There’s no demand. No expectation. If you have the means, and like what we do, then we are grateful for your support. If you like what we do, but do not have the means to donate, we are still grateful for you. Together, let’s create the economy the way we want it to be. Just like that.economy

three cheers for the dung beetle

 

this photo was taken last year in the garden... sorry it's not very crisp

this photo was taken last year in the garden… sorry it’s not very crisp

Bugtussle, Kentucky… the place I call home, not even a tiny little dot on most maps. Bugtussle is the name of our community but there really isn’t anything here anymore except for the fine rural folks that inhabit this place. The Bugtussle General Store sits empty. The Bugtussle Bar-B-Q has not emitted the smell of sweet hickory smoke in years.

From the stories we have heard, Bugtussle was named after the dung beetle “tussling” a ball of dung around. We have also heard that, “back in the day”, fine summer evenings were spent relaxing, maybe drinking a beer or two, and watching the dung beetles actively doing their good work. Sounds like fine family entertainment, if you ask me!!!

notice the tubes of soil the beetle removed in creating it's tunnel...

notice the tubes of soil the beetle removed in creating it’s tunnel…

Nowadays, with each passing year, the pastoral landscape is being replaced with large-scale industrial annual agriculture. We see more and more annual agriculture creeping into this community with each growing season. Most perennial grasslands have been turned. The ruminants have been replaced with corn, soybeans, and lots of tobacco. And let me just say here, the world isn’t going to be saved by industrial annual agriculture. It just isn’t possible. Growing more food to feed the increasing numbers of humans on this planet by turning and working the soil on the big scale, whether using conventional or organic farming practices, is very depleting and not at all sustainable. As soon as that soil gets turned and exposed to the elements, carbon goes into the atmosphere and soil organic matter is lost. Simple as that. Mulching is an excellent way to protect these precious soils, but for those of us that use lots of mulch (and I don’t mean black plastic sheeting, to me that doesn’t qualify as mulch), we know just how labor intensive and just how much mulch it takes to keep the soil adequately protected. Lots. I don’t ever expect to see large-scale permaculture farms come into vogue, even though it sure would be lovely. 

Something else is vanishing with all of the annual agriculture and use of chemical fertilizers and pesticides: the dung beetle. IMGP0849

When Eric and I moved to this farm, nearly fifteen years ago now, we adopted the mighty dung beetle as our farm mascot and thus began calling our farm “Bugtussle Farm”. (We were actually “Bugtussle Organic Farm” at first, but when the government took over the certifying process, we stopped getting certified and therefore had to stop using the term “organic”. It didn’t really matter, though. We knew our customers personally. They were our certifiers!) So with our mascot as our guide, we set to our work of increasing the fertility of a very depleted farm. At first we started with a handful of chickens and a small portable coop. Then one coop became three and the chicken numbers increased as well. Then a few goats entered the picture. Then some sheep and a milk cow. Then more sheep. And more sheep. And more cattle. As all of those critters multiplied and proliferated, so did the amount of fertility on our little farm. All the while, we have been rotating those animals on our pastures. We rarely saw dung beetles, but on the occasion that we did, it was a fascinating sight to see. One time, when Ira was a wee thing, we were working up in the garden and he was seized with the urge to poop. I took him out into the pasture to do his business and before he even finished two tiny flying dung beetles landed and set to work. We were thrilled.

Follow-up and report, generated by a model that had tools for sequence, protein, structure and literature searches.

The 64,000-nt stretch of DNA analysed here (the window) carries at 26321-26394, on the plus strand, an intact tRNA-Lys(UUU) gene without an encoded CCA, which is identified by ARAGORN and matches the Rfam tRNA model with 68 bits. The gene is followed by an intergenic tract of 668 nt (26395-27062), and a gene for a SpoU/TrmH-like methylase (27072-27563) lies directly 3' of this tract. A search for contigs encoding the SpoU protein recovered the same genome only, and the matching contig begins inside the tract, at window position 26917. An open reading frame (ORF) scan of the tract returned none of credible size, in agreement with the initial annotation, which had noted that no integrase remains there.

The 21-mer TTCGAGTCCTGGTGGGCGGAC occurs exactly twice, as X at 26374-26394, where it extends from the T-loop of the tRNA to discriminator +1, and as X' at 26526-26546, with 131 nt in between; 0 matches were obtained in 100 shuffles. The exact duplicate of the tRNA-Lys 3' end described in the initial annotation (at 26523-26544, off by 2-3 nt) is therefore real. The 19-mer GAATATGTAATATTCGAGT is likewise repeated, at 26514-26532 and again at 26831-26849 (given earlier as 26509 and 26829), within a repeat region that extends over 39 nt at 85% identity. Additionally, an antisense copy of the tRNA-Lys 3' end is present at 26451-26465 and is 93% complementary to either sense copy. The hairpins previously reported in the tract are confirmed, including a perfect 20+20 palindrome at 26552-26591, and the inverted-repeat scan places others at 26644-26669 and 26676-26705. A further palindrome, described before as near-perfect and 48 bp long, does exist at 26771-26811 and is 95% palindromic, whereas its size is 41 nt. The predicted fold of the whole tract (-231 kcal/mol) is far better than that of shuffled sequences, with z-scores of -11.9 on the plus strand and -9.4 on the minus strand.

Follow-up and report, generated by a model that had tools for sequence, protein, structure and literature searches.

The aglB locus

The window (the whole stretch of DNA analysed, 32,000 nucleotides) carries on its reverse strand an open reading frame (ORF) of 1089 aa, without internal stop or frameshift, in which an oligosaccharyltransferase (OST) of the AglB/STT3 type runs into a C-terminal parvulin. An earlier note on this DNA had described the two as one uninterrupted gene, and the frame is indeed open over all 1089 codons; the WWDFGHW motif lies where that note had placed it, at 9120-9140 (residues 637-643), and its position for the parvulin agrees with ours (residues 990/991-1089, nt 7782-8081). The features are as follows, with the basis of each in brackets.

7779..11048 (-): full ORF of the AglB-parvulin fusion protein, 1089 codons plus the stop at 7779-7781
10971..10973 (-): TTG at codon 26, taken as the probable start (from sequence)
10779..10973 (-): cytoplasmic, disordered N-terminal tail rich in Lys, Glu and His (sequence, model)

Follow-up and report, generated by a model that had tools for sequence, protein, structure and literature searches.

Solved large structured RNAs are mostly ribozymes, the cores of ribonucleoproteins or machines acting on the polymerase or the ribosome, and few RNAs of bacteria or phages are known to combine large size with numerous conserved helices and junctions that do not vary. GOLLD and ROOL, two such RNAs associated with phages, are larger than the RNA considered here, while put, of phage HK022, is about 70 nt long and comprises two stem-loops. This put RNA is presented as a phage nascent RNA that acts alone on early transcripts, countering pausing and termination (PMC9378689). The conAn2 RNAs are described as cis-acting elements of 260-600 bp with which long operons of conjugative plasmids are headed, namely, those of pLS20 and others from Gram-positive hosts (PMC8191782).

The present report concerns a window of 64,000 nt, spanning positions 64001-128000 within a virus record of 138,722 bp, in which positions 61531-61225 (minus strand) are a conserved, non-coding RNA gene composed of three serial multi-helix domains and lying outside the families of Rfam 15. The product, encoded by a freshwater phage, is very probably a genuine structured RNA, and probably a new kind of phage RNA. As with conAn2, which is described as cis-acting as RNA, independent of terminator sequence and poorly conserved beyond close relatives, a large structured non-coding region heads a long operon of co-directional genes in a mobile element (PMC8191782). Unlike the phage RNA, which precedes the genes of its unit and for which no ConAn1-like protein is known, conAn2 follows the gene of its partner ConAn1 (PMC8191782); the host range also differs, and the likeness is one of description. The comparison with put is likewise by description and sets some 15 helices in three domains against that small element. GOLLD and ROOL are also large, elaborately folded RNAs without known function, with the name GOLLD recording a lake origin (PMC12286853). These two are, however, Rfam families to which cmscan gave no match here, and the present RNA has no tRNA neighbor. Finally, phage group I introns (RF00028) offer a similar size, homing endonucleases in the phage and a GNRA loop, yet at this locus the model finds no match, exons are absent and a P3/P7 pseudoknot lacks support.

In 2008, we bought the adjacent farm… adding a second mortgage and a whole new project of turning yet another depleted farm into a place of fertility. For the first few years of this endeavor, I certainly questioned our sanity…

But years pass. Gradually, gradually change happens. And something good is happening on our farm now. We have been feeling it for awhile, but now we are beginning to see it with our very own eyes. It is as if our cup, slowly filling up from all of our hard work and sweat and blood and tears, is finally reaching fullness and is just starting to overflow the edges…IMGP0854

What we have been seeing is an insane amount of dung beetle action in our pastures! One day, within twelve hours after the animals being in a paddock, Eric and I were walking around and saw every single cow pie showed the signs of tunneling dung beetles. Within twenty-four hours some of the smaller sheep deposits were completely gone… all that poop was completely relocated down under the soil to feed the dung beetle larvae when it hatched! Something else so fabulous happens when the dung beetle clean-up crew moves in so quickly: the fly-cycle is disrupted. Flies need something like three days for their eggs to hatch, feed on the poop, and then bury themselves to pupate into the next generation of nuisance. I like to think that this year, with the dung beetles so very active, we will see a decrease in the fly population. I sure do hope so because I can’t stand flies!

The dung beetles are doing us a wonderful service. All of that rich organic matter is being recycled down into the soil, not only increasing the fertility of our soils but also allowing more moisture to be held in the soil and not just washing away downstream. That quick turnover of the nutrient cycle is the quickest way to creating a rich and fertile farm. And it’s happening here in Bugtussle. 

there's a very shy dung beetle down in that hole. It wasn't feeling very photogenic...

there’s a very shy dung beetle down in that hole. It wasn’t feeling very photogenic…

So three cheers for the dung beetles that work so tirelessly and ceaselessly to help make this farm a fertile place. Time to get out the lawn chair, crack open a cold one, and settle in for some good old-fashioned family entertainment.IMG_7539